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short stories
by Norm Breyfogle

The Angel's Offer

The Metacosmologist

Lenny's Bestseller

The Primal Christ

The Damned One

I.D.

Little Master

Dr. Adams' Absurdist Therapy

The Dictates of Protocol

The Angel's Offer

He was devastated when his wife and son died in the car crash, but life goes on. In the evenings at home alone he still felt Jenny in the other room, with Samuel just about to run around the corner. He’d wept wretchedly for a month, and he still cried inside after all the outside tears had dried ... but life does, indeed, go on. To one such as he, even one’s own heart of hearts is but a part of the world, only an infinitesimal speck in infinity.

He’d been called an enlightened man, but if asked he’d only admit to that honor using philosophical reservations and postmodern equivocations; an enlightened man is not proud. A lifetime of experimenting with altering his consciousness had left his mind as flexible as a bonfire in a windstorm, and there was little fear or guile in him, so when the angel appeared via thin air inside his university office (where he’d spent the last few hours grading his Philosophy students’ papers) he barely batted an eye.

“Charles Visson, the Most High has sent me to offer you a choice.” Snow white wings gently folded behind broad shoulders, and softly tinkling bells chimed harmoniously in a glittering fractal cascade around a handsome golden visage.

Eye half batted, the mortal paused but a second before responding, “What’s the choice?” It wouldn’t do to waste time with gushing emotional sentiment or endless speculation in the presence of the ineffable.

If he hadn’t been perfect, the spiritual emissary might’ve twitched his own eyelid at the unexpected calm in the lowly human’s reply, but, being perfect, he continued without hesitation. “You've recently lost your wife and son in an unforeseen accident. Would you be willing to forgo your enlightenment to have them back, alive and healthy?”

“No,” replied the fallen son of man.

“Would you be willing to forgo your enlightenment to have them back, alive and healthy, and immortal?”

“No,” replied the descendent of Adam.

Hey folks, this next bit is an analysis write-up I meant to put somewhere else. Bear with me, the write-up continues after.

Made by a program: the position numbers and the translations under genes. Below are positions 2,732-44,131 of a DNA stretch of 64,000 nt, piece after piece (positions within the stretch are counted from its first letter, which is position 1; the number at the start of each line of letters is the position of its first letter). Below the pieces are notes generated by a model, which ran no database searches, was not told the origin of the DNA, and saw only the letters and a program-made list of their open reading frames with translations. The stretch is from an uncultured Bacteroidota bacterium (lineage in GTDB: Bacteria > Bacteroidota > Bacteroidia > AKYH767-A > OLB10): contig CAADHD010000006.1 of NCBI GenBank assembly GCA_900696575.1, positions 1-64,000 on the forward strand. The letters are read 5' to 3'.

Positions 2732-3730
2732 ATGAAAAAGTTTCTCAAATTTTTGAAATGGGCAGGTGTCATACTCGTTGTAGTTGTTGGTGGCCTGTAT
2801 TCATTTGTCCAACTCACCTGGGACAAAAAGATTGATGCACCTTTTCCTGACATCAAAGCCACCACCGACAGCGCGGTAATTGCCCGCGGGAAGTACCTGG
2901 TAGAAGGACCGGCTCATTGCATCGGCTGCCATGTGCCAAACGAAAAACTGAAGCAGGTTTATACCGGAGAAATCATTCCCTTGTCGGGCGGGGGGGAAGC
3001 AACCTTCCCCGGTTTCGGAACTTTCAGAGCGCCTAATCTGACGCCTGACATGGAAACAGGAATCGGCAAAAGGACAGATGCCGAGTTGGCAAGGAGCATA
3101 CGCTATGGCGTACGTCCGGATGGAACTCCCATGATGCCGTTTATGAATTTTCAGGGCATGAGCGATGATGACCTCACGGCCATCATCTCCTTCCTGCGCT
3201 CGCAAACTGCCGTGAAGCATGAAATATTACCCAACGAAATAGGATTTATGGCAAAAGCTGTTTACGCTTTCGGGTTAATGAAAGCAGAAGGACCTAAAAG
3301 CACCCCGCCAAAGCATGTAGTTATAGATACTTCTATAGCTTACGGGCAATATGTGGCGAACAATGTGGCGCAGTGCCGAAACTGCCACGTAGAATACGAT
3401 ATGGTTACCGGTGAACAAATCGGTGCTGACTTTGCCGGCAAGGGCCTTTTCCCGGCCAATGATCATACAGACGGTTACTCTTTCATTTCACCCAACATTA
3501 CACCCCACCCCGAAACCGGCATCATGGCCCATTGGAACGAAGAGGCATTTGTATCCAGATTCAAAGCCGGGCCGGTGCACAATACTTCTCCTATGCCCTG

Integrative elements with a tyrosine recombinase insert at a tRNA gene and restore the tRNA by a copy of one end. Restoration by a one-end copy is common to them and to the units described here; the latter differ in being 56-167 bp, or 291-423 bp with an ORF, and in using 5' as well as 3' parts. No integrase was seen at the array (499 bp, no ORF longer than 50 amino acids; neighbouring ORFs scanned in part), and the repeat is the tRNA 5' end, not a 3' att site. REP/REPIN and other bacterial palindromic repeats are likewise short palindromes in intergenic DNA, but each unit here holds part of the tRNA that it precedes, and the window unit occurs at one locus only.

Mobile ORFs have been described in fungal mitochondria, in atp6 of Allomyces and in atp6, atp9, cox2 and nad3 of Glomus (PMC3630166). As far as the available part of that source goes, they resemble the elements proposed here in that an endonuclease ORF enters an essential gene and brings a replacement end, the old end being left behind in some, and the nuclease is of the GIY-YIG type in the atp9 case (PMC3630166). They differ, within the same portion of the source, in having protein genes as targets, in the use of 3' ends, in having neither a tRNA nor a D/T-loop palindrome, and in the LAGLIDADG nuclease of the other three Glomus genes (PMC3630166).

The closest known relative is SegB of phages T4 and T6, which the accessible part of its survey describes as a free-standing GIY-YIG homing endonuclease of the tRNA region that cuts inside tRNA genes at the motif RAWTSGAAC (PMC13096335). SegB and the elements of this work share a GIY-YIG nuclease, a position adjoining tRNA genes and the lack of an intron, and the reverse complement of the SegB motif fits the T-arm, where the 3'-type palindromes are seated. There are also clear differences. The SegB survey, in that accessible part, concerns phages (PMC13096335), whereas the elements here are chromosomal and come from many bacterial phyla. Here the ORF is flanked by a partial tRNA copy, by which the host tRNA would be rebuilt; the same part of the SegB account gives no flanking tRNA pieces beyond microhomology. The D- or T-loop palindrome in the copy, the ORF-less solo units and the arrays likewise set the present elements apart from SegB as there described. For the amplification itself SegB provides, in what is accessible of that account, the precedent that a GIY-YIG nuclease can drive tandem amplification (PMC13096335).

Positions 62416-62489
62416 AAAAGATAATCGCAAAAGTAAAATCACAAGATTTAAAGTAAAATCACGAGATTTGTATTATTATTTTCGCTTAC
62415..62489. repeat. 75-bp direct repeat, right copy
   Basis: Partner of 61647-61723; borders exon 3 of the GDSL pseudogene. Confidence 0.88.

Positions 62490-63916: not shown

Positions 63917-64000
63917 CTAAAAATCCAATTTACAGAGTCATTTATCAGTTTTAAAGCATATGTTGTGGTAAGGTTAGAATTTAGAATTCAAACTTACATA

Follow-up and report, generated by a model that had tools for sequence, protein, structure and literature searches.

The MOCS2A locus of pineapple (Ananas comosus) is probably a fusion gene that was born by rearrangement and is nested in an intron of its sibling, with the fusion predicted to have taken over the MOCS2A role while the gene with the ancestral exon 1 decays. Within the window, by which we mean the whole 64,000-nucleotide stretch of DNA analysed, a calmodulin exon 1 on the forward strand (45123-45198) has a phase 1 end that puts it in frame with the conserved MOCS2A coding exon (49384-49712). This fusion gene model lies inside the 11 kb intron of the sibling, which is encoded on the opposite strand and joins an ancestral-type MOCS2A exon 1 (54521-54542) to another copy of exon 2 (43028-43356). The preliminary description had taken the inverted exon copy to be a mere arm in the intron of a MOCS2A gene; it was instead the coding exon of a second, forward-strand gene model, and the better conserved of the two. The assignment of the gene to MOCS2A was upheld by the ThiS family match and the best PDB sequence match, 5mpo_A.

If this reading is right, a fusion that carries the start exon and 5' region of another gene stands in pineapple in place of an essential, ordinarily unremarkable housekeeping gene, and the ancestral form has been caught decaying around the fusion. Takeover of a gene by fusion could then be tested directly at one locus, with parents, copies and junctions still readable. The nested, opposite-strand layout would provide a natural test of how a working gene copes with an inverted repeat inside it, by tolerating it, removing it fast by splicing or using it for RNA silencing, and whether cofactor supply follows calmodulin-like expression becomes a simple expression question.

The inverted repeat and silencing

“Would you be willing to forgo your enlightenment to have them back, alive and healthy and immortal, if you would also be immortal yourself?”

“No,” replied the conscious lump of clay.

“Would you be willing to forgo your enlightenment if you, your family, all of humanity, and the entire planet’s biosphere would also be immortal, redeemed from the ravages of sin and existing in a state of pre fallen perfection?”

The philosopher ape paused. The stakes had risen considerably now, and in spite of the angel’s lucid directness, there were unanswered questions galore.

“Being in a pre fallen state, I assume everyone would be enlightened?”

“Yes; everyone but you.”

“But I’d be immortal?”

“Yes.”

“Does that mean I could or could not kill myself?”

“You’d still be able to end your own existence if you so chose.”

“And if I did, would I then live again after my death in a heaven or a hell?”

“No. Your death in such a circumstance would be final and absolute on all planes of existence, simultaneously.”

Dr. Charles Visson, bodhisattva, contemplated this offer for long moments. This wasn’t like Jesus’ temptation by Satan in the wilderness. Jesus had been offered power and glory, but not the salvation of mankind, since Satan had not the power to bestow such a gift. But if God himself––through an angel––had made this offer to Christ, would he have taken it? Effectively, the offer would have been to save the planet without any need for crucifixion!